How to repair lime plaster walls

Updated February 21, 2017

Lime plaster walls are built on top of a support of lathe, which is narrow strips of wood mounted on a frame with gaps between each wooden slat. Lime plaster is layered on the surface of the lathe and plaster is forced in between the slats of the lathe. When dry, the excess plaster binds the plaster to the lathe. Overtime the normal house shifting can cause a separation between the lime plaster and the lathe causing cracks and soft spots in the wall. To repair the wall the lime plaster is reattached to the lathe using plaster repair products.

Use a drill and a masonry bit to drill holes 1 to 2 inches from the crack. When you hit a lathe, use it as a guide line for where to drill. Drill holes on both sides of the crack 3 inches from the hole where you hit the lathe. If you hit a void between the lathe, mark it with a pencil so you will know not to put adhesive in that hole.

Use a vacuum to clean out each drilled hole of loose plaster debris.

Press the spray nozzle against each hole and spray two squirts of wall conditioner into each hole and let it set for 10 minutes. Wipe off any drips from the wall surface with a damp sponge.

Place the plaster repair adhesive nozzle into each hole, using a caulking gun. Squeeze the trigger gently until adhesive begins to flow out of the hole. Do this to all drilled holes skipping the void holes you marked with a pencil.

Drill plastic clamps mounted on drywall screws into existing holes, on each side of the crack, every 8 to 12 inches, until you see adhesive beginning to flow from the holes. Then, stop. Wipe excess adhesive from the wall with a damp sponge. The clamps will draw the plaster and the lathe layers closer together and hold them in place until the adhesive dries.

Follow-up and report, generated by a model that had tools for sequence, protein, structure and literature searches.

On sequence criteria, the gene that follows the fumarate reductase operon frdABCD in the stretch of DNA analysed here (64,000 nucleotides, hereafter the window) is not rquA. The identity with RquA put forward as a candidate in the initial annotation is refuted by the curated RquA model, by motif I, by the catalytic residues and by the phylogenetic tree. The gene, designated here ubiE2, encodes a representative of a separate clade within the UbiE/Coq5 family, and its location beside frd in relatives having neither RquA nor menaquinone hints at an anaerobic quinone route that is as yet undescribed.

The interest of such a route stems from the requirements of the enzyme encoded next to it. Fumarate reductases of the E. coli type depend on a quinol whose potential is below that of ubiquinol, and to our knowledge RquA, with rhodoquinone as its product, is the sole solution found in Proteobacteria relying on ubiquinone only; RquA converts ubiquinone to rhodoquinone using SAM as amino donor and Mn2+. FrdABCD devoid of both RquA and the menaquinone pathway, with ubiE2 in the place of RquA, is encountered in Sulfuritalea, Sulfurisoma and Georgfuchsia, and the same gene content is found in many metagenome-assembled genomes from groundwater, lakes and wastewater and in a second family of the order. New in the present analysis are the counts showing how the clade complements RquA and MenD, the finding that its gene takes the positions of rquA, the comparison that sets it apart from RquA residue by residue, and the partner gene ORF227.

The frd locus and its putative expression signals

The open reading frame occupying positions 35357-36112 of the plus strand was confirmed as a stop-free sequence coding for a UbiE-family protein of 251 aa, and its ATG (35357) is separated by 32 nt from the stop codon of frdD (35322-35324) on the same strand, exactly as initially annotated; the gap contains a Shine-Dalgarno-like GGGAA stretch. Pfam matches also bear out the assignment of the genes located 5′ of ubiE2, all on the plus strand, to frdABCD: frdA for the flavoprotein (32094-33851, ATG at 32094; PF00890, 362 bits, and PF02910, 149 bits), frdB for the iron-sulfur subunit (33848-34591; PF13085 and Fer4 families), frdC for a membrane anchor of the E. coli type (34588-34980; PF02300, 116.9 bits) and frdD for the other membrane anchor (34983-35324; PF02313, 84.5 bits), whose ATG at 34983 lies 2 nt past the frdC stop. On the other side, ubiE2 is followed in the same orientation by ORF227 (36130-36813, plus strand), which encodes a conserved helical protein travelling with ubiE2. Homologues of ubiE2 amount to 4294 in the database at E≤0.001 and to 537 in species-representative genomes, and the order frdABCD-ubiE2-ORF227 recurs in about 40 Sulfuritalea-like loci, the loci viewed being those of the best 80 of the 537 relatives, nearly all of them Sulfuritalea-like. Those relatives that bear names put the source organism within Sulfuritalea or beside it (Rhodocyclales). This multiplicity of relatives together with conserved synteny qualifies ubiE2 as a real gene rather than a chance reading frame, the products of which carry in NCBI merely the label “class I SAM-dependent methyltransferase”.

Let the adhesive dry 24 to 48 hours. Check the label on the adhesive product for drying times. Unscrew the plastic clamps and gently remove them from the wall with a putty knife. Apply all purpose joint compound to all holes and cracks with a 6-inch putty knife. Let the joint compound dry and sand lightly. Wipe the dust off the wall with a clean dry cloth, prime the wall and paint.


A masonry bit works well for plaster repair because it will allow you to drill through the plaster but not the lathe. Plaster repair products come in convenient kits that include the wall conditioner. Ask at your home improvement for suggestions for the best product to use on your cracked wall.


Wear a mask to avoid inhaling plaster dust. Wear safety glasses to protect your eyes from plaster particles and dust.

Things You'll Need

  • Drill
  • Masonry bit
  • Pencil
  • Vacuum
  • Spray wall conditioner
  • Plaster Adhesive
  • Caulking gun
  • Plastic clamps
  • Drywall screws
  • 6-inch putty knife
  • Joint compound
  • Sandpaper
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About the Author

Wendy Adams has been a Web designer, content writer and blogger since 1998. Her love for writing began in high school and continued with a life of personal writing, content writing, blogging, commentary and short articles. Her work appears on Demand Studios, Text Broker, Associated Content and on client websites and numerous social network sites.